PHYSICS OF COMPLEX SYSTEMS
Learning outcomes of the course unit
The course includes the study of various systems displaying complex behaviors; the goal is finding the 'phenomenological' laws that govern the overall behavior of such systems.
We will describe various theoretical models and techniques, both analytical and numerical, for their characterization and we will discuss applications in the field of physics, biology, computer science and economics.
Given the interdisciplinary nature and the multiple applications of the topics covered, the course is recommended for all curricula.
Basic concepts of statistical mechanics
Courses of Analysis and Mathematical Methods
Course contents summary
- Introduction to complex systems
- Basic concepts of statistical mechanics
- Effects of disorder
- Neural networks
- Applications in sociology, biology, immunology
1. INTRODUCTION TO COMPLEX SYSTEMS
2. BASIC CONCEPTS OF STATISTICAL MECHANICS
- Elements of probability theory. Random variables and their algebra. States, pure and mixed. Principles of thermodynamics by probabilistic approach
- DRL states and spontaneous symmetry breaking. Peierls argument. Ising model in the mean field approximation, the Curie-Weiss model
- Phase transitions: phenomenology, Lee-Yang theorem, Erhenfest classification. Systems at the critical point, the universality and scaling. Landau theory. Order parameters.
- Ergodicity and dynamic
- Advanced analytical methods for ferromagnetic mean-field models and analogies with mechanical systems
3. THE EFFECTS OF DISORDER
- Topological Disorder: Criterion Harris, singularity of Griffith.
- Outline of diluted models.
- Graph theory and applications. Spectral properties of finite and infinite graphs. Statistical models and dissemination of graphs.
- Frustration. Models and classes. Applications and optimization problems.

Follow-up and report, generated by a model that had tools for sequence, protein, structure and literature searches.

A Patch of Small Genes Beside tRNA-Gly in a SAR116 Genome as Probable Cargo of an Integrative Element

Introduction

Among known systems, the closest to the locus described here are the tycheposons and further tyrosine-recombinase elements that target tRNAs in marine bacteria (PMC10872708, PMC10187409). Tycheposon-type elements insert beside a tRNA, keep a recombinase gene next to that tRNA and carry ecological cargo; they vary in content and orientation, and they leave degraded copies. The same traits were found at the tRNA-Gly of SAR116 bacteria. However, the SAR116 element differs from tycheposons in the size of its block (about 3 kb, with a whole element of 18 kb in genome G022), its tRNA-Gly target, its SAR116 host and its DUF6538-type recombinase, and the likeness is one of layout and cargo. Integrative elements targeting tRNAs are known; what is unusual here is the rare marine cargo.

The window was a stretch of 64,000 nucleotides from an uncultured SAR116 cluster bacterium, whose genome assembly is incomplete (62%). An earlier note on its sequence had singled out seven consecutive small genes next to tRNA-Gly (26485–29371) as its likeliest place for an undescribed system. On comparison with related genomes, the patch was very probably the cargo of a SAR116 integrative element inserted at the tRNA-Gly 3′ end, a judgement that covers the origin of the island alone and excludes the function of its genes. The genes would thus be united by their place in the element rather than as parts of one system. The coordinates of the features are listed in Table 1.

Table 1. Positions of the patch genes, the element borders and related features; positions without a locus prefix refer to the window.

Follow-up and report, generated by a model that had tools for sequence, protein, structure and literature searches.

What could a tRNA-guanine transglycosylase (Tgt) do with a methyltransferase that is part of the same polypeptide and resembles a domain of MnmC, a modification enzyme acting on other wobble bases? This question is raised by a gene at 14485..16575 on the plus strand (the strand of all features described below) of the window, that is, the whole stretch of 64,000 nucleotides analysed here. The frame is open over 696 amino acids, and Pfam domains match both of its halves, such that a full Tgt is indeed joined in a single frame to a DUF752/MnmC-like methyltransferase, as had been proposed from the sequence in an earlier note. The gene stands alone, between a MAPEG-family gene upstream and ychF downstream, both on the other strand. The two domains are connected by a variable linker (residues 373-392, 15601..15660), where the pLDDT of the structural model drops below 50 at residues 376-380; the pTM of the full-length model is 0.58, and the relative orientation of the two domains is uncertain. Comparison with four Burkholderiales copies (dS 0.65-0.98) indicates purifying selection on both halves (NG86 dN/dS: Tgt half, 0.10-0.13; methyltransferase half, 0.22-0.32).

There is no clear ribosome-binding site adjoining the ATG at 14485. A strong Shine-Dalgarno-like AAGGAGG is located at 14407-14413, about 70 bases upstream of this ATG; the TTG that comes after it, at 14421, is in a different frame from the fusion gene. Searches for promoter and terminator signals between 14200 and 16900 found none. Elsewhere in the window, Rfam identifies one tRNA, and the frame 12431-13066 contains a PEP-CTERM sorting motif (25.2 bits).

- Sherrington-Kirkpatrick model. Existence of the thermodynamic limit. Replies fictitious and real overlap between replicas.
- The Replica Trick. The replica symmetric solution. The 1RSB solution, KRSB and full-RSB.
- Method of cavities and stochastic stability.
- The theory of Parisi. Ultrametricity.
- Techniques for interpolation and mechanical approach.
- Elements of Dynamic: Ageing and the fluctuation-dissipation relations.
5. NEURONAL NETWORKS
- Neurophysiological background.
- Integrate & Fire Models.
- Cable theory.
- Perceptron. Models of neural networks with attractors. Hopfield model. Dynamic Synchronous and Asynchronous. Perception, Recognition and Recall. Synaptic connections: symmetry and Hebbian learning rule. United recall, were spurious.
- Networking at low-load: mean field approach and signal-to-noise analysis.
- Networks high-load: mean field approach, Black-out, storage capacity. Phase diagram.
- Related Patterns and pattern diluted. Soprapercolate extensive networks in parallel computing.
Immune networks: idiotypic network (low-dose tolerance, bell-shaped response, ontogeny of the repertoire), the B-T network (anergy, multitasking). Social networks (Granovetter's theory).
- Lecturer Notes
- Statistical Mechanics, D. Ruelle
- An Introduction to Probability Theory and its applications, W. Feller
- Spin glass theory and beyond, M. Mezard, G. Parisi, M. Virasoro
- Introduction to Theoretical Neurobiology, H. Tuckwell
- Modeling Brain Function, D. Amit
Lectures, exercises (both in class and at home)
Assessment methods and criteria